"Remember the Titans," the 2000 Walt Disney Pictures sports drama about an integrated Virginia football team and their first season together, is the quintessential American football movie. In the years since, there have been several noble attempts to replicate this perfect blend of heart-pounding drama and bone-crunching gridiron glory, but the efforts usually wind up in the "highly dramatic, minimally athletic" category.
Exhibit A would be "The Blind Side" from director John Lee Hancock ("The Rookie"), a motion picture based on the book by Vanity Fair writer Michael Lewis. Rather than treat the audience to a healthy amount of on-the-field action, this film spends most of its time on the figurative bench, focusing instead on a special family whose bold Good Samaritan decision morphs into an extraordinary story that is as inspirational and emotional as any game-winning touchdown.
Based on the story of a wealthy white family who adopts future All-American Ole Miss Rebel and Baltimore Raven offensive tackle Michael Oher, "Blind Side" fits in with the likes of "Rudy," "Friday Night Lights" and even "Jerry McGuireԗfilms that focus less on the game and more on the players.
Long before his star started shining in Baltimore or Oxford, Oher (pronounced "oar") was just "Big Mike," another forgotten African American teen lost in the rough government housing projects of north Memphis. Oher's early years, grittily recreated by Lewis and Hancock, were a classic example of someone escaping the frying pan, only to be engulfed by the fire.
Rescued from a broken family only to be thrown into an equally broken system, young Michael (Quinton Aaron) is passed around from foster home to foster home, and from school to school. With his likelihood of becoming another tragic statistic growing exponentially with each passing year, Oher winds up a castaway surviving in the impoverished ghetto, his past too horrifying to remember, his future too bleak to look forward to. His gigantic frame carries around a heart that is crushed to a mere shadow of what it could be.
Enter the Tuohy family (pronounced "two-ee"): former Ole Miss basketball star turned fast-food millionaire Sean (Tim McGraw), his interior-designer wife, Leigh Anne (Sandra Bullock), and their two children, Collins and Sean Jr. (Lily Collins and Jae Head). The upper class suburbanites' world aligns with Michael's after the lumbering giant enrolls as a student at the same Christian private school the Tuohy kids attend.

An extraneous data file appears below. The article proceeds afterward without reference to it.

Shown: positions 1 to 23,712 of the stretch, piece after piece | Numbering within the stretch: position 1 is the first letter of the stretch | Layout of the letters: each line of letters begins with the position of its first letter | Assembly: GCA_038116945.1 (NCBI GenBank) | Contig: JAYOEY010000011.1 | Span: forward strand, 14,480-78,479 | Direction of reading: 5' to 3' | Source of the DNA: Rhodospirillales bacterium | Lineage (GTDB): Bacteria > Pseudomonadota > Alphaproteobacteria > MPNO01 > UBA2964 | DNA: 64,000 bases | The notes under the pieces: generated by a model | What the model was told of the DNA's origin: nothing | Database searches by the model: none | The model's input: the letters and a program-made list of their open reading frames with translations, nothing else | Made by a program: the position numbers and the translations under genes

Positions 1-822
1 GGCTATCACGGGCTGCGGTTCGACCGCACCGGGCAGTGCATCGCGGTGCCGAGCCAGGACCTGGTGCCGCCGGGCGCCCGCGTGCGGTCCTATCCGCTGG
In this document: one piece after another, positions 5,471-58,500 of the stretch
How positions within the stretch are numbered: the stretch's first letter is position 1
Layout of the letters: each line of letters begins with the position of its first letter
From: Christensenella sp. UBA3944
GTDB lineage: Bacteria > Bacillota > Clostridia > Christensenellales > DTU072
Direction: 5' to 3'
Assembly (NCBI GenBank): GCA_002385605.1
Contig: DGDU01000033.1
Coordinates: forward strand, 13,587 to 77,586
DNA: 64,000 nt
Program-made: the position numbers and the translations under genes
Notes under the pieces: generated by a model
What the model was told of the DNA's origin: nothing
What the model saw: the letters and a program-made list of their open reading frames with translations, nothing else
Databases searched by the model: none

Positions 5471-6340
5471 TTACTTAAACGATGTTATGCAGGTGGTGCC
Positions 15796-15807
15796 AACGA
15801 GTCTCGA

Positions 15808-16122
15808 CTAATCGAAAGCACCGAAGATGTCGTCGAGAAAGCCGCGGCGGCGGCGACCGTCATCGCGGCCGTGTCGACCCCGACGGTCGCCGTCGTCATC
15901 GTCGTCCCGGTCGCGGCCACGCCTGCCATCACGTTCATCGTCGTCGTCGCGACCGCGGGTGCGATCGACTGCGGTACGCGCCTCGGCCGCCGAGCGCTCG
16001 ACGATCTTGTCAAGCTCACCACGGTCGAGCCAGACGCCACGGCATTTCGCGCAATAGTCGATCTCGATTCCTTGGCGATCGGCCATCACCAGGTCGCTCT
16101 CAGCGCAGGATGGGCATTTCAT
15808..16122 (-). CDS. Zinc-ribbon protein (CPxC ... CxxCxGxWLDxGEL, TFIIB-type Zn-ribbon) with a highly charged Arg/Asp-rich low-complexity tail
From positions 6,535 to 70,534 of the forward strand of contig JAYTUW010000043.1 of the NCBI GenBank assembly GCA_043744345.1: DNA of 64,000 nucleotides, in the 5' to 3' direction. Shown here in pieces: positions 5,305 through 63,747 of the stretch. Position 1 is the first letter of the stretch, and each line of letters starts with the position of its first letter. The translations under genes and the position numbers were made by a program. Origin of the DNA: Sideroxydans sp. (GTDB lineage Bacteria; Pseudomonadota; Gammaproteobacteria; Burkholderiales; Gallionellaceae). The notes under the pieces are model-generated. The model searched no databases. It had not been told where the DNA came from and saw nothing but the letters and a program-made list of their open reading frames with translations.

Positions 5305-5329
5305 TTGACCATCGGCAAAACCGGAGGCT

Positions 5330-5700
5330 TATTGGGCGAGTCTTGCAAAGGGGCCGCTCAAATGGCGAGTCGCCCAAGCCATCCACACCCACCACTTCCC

I'm a sucker for child stars (not the Miley Cyrus variety), and Head is endearing as the pint-sized, motor mouth Sean Jr. or "S.J." He takes on the role, without asking of course, of Michael's spring trainer and later "managing agent" after a gaggle of NCAA coaches comes to kiss Michael's ring and beg him to sign with their team.
This dorky sequence is complete with awkward cameos from Nick Saban, Tommy Tuberville, Houston Nutt and the dreadful Ed Orgeron (who would eventually recruit Michael to Ole Miss). It's the lowest point of the movie, and even the hilarious S.J. and his McGuire parodies fail to carry.
Bullock gets the highest score, though. She is radiant as always and looking a good decade younger than her 45 years. Just a shade shy of brassy, Leigh Ann is a study in contradictions. She is an opinionated and outgoing feminist über woman standing confidently atop her empire of career and family while pulling off a convincing role of brassy, Republican, cheerleading, storybook reading, compassionate homemaker. The role should be adequate practice in case Oliver Stone picks her to do a Sarah Palin biopic.
"Don't you dare lie to me," Mama Tuohy warns a bedraggled Michael after the family discovers him walking alongside the snowy road in just a T-shirt and shorts, his school books crammed into a grocery sack. When she finds out that Michael has nowhere to go, she offers him the family couch, a way more splendid one than he is used to having. One night at the Tuohy's becomes two nights, then Thanksgiving, then permanent.
When the most ridiculous and heinous allegations of the Tuohy's motives behind Michael's rescue come flying in from snotty friends, gossipy kids and even a skeptical NCAA, Leigh Anne goes into menace mode, daring anyone to go through her to get to her cherished family.
It's Leigh Anne who decides that Michael is worth saving, and this dogged quest leads him to a similar decision to use his God-given abilities to succeed both in the classroom and on the practice field.
With help from Michael's coach (Ray McKinnon) and tutor (Academy Award winner Kathy Bates), the young man improves his GPA, his self-confidence and his monstrous talent as an offensive lineman.
Some may label the film as patronizing or politically insensitive, but when you study the story behind the film, however, the true story of a 6'2Ғ, 310-pound NFL superstar who still hugs his "Momma," it's plain to see how Michael Oher's life changed Leigh Anne Tuohy's as much as the other way around.
The Michael Oher story is one of the nation's most successful racial-reconciliation success stories of recent memory.
And the movie's not bad, either.